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Judith Butler. The Figure of Odradek in Kafka. 2011

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Published on Mar 19, 2012

http://www.egs.edu/ Judith Butler, philosopher and author, talking about Franz Kafka's character Odradek in The Cares of a Family Man. In this lecture, Judith Butler discusses the muteness of language, paternal authority, neoliberalism, the spectrality of presence and life without a goal in relationship to Walter Benjamin, Theodor Adorno, Sigmund Freud and Karl Marx focusing on instrumentality, laughter, fear, gesture, body, death, nightmares, haunting, the pre-Oedipal, time and the One. Public open lecture for the students and faculty of the European Graduate School EGS Media and Communication Studies department program Saas-Fee Switzerland Europe. 2011. Judith Butler.

Judith Butler, Ph.D., Hannah Arendt Chair at the European Graduate School EGS, attended Bennington College and then Yale University, where she received her B.A., and her Ph.D. in philosophy in 1984. Her first training in philosophy took place at the synagogue in her hometown of Cleveland. She taught at Wesleyan and Johns Hopkins universities before becoming Maxine Elliot Professor in the Departments of Rhetoric and Comparative Literature at the University of California, Berkeley, and in 2012 she will join Columbia University's English and Comparative Literature departments.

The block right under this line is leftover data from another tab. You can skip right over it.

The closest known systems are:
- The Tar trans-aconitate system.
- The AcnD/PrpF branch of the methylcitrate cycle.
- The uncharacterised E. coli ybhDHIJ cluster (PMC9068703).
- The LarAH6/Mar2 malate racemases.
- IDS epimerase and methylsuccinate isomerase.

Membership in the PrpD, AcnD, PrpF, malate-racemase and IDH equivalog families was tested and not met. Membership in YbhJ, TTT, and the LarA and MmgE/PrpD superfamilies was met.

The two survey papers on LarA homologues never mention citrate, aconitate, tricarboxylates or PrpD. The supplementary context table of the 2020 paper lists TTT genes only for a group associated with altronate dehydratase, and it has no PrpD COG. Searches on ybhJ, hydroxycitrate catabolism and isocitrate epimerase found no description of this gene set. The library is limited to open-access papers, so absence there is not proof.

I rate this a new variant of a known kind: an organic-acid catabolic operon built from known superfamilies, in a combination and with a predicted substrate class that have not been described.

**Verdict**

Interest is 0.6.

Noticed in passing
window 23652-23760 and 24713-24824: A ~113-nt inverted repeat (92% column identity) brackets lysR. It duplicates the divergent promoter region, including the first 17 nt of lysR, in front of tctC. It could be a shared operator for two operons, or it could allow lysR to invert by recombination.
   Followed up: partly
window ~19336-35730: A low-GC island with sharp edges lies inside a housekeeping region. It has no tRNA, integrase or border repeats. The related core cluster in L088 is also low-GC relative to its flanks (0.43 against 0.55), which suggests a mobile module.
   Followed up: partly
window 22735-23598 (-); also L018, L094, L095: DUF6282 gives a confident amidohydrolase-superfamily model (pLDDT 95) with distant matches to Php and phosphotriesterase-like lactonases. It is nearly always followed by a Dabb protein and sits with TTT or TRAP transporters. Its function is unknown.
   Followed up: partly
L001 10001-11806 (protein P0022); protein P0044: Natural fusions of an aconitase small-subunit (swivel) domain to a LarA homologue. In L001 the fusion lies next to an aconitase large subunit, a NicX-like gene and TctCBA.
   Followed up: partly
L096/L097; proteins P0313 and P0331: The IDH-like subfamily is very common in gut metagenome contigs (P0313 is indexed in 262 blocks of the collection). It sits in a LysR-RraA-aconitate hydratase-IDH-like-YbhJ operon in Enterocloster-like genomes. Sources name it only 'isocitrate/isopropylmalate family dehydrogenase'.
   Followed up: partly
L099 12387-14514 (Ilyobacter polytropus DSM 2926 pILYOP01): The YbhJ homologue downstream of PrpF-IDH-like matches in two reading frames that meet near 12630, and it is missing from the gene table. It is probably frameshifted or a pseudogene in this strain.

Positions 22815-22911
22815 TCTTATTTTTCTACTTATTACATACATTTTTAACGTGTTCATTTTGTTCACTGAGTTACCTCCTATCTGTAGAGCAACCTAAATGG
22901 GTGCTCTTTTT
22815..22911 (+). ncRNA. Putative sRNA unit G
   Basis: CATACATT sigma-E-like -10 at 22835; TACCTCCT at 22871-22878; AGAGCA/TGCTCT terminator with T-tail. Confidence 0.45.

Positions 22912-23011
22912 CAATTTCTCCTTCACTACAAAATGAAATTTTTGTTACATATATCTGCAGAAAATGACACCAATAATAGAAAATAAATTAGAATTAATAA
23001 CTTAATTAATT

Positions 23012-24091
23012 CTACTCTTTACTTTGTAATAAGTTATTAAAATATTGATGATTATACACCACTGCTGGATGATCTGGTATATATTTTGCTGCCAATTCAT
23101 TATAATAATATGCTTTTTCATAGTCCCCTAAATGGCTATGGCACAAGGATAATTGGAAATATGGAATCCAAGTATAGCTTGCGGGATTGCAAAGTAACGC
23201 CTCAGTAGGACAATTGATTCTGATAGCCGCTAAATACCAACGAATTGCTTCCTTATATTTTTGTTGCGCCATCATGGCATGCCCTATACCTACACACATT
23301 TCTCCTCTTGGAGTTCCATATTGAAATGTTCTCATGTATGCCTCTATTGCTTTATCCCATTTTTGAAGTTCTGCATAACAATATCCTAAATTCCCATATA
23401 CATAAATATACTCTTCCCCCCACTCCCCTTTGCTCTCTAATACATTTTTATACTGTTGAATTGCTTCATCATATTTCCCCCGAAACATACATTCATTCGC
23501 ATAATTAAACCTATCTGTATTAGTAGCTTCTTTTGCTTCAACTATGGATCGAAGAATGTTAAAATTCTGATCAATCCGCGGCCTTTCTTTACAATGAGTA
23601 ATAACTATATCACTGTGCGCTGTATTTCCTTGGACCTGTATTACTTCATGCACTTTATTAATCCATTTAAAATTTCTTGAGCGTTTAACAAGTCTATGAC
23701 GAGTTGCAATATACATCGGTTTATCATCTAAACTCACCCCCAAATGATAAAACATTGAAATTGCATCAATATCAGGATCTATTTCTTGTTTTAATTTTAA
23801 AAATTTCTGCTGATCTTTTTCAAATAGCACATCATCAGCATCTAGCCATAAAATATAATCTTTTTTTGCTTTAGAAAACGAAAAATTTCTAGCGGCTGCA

Judith Butler is the author of Subjects of Desire: Hegelian Reflections in Twentieth-Century France (Columbia University Press, 1987), Gender Trouble: Feminism and the Subversion of Identity (Routledge, 1990), Bodies That Matter: On the Discursive Limits of "Sex" (Routledge, 1993), The Psychic Life of Power: Theories of Subjection (Stanford University Press, 1997), Excitable Speech (Routledge, 1997), Antigone's Claim: Kinship Between Life and Death (Columbia University Press, 2000), Precarious Life: Powers of Violence and Mourning (Verso Press, 2004), Giving an Account of Oneself (Fordham University Press, 2005), Frames of War (Verso, 2009) and The Power of Religion in the Public Sphere (Columbia University Press, 2011).

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